Ash Atalla’s so of the now he can’t remember a time when the BBC wasn’t patronising younger licence fee payers. Those with longer memories may conclude that giving 16-34 year olds programming that extends into television every child’s natural instinct to be a part of the adult conversation around the dinner table (yes that old middle class ritual), is healthy, humane and the epitome of Reithan values, that old set of ideas, today rebranded elitist, that once justified the BBC’s funding model.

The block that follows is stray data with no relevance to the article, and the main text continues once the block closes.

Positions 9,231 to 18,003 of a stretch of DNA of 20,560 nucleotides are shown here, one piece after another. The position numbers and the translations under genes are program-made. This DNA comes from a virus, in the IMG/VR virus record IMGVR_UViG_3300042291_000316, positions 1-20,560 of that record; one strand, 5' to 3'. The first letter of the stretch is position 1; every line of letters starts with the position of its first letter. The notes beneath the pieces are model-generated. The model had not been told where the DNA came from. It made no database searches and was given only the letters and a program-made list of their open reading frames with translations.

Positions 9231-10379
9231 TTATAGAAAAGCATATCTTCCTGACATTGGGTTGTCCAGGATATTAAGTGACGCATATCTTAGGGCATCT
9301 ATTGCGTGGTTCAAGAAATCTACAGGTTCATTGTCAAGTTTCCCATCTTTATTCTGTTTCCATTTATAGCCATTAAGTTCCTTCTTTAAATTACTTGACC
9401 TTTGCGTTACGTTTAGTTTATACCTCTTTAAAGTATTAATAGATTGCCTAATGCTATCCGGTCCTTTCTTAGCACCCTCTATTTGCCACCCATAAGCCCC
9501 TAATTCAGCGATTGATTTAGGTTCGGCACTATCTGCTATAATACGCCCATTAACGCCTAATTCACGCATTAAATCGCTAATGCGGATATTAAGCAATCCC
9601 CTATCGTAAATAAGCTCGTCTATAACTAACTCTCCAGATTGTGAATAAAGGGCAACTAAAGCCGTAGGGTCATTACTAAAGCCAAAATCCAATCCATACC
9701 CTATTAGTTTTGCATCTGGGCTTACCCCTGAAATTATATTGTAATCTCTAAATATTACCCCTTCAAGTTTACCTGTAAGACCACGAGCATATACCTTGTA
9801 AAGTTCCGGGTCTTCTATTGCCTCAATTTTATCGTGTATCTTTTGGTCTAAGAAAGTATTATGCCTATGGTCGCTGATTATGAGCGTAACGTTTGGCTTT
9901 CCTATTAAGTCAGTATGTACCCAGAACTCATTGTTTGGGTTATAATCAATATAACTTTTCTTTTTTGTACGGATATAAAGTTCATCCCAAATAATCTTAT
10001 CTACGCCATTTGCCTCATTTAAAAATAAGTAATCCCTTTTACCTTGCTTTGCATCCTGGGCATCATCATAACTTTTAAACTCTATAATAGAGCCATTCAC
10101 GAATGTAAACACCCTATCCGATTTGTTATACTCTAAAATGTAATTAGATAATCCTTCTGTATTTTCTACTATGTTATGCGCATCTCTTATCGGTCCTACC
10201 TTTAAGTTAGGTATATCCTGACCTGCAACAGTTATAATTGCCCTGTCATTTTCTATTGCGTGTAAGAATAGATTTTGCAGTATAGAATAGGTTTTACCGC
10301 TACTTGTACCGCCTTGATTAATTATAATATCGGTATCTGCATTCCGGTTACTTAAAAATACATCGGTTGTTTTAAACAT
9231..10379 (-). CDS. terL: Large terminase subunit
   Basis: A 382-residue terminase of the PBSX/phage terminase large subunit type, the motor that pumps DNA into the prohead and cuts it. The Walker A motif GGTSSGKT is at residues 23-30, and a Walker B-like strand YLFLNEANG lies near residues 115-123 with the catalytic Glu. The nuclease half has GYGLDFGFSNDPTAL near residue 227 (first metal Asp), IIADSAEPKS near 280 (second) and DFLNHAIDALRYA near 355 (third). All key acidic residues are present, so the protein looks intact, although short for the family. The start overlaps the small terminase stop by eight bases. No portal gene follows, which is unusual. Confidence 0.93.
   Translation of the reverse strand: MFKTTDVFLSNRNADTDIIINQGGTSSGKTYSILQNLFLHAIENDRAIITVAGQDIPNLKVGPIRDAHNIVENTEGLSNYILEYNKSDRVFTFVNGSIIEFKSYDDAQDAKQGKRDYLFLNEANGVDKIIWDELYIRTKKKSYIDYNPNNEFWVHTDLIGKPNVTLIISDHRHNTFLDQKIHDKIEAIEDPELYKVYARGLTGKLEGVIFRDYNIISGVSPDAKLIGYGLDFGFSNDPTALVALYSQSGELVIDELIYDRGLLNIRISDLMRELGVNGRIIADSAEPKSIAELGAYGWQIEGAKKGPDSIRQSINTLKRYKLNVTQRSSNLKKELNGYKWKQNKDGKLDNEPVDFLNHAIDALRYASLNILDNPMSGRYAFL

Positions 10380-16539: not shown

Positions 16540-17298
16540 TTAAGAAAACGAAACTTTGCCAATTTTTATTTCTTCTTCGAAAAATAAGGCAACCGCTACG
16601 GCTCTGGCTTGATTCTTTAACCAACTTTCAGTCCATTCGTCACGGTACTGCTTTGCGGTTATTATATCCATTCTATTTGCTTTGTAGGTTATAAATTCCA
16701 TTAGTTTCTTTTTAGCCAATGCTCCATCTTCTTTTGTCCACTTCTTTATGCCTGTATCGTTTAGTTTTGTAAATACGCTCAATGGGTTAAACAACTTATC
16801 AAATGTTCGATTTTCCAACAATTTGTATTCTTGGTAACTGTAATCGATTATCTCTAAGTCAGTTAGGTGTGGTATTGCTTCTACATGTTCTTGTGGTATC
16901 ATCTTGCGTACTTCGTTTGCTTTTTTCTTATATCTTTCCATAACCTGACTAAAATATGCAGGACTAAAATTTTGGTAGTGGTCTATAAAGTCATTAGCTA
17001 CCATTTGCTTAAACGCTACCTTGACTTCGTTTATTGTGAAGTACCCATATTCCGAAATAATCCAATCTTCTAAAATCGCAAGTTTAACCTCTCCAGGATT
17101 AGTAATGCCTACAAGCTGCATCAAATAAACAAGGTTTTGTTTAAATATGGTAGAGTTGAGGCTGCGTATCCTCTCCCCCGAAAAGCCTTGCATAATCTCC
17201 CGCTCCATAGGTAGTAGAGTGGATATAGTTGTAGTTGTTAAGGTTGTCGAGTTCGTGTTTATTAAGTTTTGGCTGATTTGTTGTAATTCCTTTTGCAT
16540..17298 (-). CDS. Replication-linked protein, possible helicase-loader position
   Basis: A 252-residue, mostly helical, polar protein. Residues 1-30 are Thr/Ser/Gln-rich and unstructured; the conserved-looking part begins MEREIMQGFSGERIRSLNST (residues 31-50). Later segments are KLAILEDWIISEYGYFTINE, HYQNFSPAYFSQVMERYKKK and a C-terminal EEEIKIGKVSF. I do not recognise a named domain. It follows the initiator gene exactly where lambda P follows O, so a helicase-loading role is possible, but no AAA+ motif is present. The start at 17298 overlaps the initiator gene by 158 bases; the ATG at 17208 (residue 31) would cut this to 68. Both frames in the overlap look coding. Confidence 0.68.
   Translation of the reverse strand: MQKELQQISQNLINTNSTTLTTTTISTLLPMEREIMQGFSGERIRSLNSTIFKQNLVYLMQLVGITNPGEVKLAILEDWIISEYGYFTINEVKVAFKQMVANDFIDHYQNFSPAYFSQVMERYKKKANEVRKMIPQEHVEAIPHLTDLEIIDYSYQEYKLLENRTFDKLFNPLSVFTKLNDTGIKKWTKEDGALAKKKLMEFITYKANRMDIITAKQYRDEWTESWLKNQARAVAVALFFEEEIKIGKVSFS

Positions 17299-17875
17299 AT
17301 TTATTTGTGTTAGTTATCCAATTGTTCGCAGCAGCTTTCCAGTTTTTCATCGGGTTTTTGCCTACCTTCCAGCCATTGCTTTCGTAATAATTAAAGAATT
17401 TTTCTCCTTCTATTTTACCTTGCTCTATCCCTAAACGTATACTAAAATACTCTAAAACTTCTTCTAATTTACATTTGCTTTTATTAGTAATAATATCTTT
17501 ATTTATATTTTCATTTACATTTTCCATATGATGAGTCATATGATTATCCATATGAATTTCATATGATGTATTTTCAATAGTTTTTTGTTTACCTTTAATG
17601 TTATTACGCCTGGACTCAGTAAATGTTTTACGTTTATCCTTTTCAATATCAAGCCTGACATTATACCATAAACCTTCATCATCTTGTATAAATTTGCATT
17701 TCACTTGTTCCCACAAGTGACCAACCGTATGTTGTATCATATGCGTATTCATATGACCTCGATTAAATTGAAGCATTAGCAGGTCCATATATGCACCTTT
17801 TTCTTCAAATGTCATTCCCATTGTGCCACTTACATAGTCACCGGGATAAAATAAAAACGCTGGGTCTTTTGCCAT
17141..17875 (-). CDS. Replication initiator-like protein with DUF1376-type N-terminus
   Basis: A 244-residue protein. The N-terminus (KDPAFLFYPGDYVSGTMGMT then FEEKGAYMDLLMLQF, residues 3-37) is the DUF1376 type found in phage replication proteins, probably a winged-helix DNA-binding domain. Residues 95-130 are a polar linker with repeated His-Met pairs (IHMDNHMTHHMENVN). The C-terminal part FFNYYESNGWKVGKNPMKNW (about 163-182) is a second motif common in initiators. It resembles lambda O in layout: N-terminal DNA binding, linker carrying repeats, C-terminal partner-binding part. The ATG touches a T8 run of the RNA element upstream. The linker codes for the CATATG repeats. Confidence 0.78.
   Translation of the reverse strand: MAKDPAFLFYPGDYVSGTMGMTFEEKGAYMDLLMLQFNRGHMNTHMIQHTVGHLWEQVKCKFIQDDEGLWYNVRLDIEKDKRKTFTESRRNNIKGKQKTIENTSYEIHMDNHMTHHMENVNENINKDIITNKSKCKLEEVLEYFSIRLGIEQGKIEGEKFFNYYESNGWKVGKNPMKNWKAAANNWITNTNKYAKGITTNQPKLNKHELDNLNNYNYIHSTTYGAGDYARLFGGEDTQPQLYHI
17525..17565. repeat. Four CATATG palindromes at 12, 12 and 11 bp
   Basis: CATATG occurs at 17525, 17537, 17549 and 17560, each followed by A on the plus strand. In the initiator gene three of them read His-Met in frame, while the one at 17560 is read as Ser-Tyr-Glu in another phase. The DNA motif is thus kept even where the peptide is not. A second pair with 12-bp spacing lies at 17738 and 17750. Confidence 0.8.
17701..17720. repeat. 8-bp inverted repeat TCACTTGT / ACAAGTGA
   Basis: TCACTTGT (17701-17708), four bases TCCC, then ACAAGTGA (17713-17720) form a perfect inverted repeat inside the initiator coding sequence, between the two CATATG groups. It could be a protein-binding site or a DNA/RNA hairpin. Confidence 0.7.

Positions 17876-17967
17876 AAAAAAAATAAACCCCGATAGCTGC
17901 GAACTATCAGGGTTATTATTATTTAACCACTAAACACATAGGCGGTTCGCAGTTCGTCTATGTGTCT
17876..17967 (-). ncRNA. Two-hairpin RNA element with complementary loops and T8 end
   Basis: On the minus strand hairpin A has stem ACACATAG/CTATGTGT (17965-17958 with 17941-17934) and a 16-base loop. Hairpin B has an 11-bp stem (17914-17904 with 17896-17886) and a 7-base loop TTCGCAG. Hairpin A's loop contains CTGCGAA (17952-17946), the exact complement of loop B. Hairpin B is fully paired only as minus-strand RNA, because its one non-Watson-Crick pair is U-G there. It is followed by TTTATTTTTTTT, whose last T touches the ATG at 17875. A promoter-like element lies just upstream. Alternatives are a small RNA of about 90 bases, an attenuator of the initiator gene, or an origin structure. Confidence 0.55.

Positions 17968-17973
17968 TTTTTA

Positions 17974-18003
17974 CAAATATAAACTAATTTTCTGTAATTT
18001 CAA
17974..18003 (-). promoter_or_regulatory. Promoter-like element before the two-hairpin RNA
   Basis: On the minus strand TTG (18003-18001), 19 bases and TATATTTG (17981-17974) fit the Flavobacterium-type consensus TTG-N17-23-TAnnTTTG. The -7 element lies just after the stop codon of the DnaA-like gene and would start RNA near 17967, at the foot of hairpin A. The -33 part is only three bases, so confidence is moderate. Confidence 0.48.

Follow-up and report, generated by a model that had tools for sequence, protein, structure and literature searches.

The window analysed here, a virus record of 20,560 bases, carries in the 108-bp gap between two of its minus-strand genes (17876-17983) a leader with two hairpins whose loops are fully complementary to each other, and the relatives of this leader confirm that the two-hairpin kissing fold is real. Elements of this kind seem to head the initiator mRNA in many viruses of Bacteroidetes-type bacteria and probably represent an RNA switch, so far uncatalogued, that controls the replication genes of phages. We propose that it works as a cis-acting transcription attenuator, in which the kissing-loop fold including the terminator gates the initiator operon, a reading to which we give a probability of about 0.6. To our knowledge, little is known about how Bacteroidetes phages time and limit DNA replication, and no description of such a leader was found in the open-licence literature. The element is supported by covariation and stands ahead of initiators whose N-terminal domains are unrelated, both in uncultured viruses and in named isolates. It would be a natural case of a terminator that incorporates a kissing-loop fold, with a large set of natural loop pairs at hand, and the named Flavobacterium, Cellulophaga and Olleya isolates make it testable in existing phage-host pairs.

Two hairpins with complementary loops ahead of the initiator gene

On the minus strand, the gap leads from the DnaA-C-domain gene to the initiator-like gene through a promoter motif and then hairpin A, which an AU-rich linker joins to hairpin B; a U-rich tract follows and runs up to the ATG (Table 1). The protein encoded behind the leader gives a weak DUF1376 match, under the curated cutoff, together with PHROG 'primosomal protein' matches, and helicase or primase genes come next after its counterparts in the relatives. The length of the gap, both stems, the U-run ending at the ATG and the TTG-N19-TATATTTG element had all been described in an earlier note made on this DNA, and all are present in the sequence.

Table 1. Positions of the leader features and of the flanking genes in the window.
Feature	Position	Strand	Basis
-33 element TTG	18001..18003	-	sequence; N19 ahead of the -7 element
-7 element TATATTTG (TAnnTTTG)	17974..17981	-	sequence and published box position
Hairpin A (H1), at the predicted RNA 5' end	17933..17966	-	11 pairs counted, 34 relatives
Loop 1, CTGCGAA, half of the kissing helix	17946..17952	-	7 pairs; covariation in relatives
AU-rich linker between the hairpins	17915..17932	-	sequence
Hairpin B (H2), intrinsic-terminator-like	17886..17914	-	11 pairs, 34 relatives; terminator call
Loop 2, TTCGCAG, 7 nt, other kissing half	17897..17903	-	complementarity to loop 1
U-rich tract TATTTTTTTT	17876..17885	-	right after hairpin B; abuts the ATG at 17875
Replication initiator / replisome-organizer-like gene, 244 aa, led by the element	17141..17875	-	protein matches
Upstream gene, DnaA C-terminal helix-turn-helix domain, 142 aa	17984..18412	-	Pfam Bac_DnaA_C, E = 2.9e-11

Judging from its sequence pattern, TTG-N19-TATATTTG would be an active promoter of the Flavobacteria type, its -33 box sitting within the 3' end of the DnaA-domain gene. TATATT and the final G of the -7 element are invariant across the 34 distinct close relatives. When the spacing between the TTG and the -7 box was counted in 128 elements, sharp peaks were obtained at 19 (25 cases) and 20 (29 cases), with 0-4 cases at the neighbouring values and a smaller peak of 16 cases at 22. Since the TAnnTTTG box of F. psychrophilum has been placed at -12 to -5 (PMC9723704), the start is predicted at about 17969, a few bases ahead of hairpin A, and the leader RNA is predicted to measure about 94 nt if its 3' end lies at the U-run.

BBC3 wasn’t just unnecessary, it devolved the viewing experience of the young. Its stars have good reason to be worried; they’ll soon be asked to test their material against the far stricter admission criteria of BBCs 1 and 2. Many will be found wanting. They’re gonna need better knob gags. In the meantime the channel’s advocates will argue that BBC3 programmes are popular with their target viewers. We might call this the viewer paradox. Ignorant, white middle class television executives create programmes for an imaginary constituency of undemanding youths, which once screened, become what they watch. Retrospectively justifying the decision to create those shows, indeed the channel that hosted them, consequently becomes as easy as being affiliated to PIE. But we paid for this bilge my friends, our money retarded our kid’s viewing experience, and the best apology we can offer to the little bastards is to get them watching more aspirant fare before we lose them forever to the world of perma-stunted, frivolous web vomit.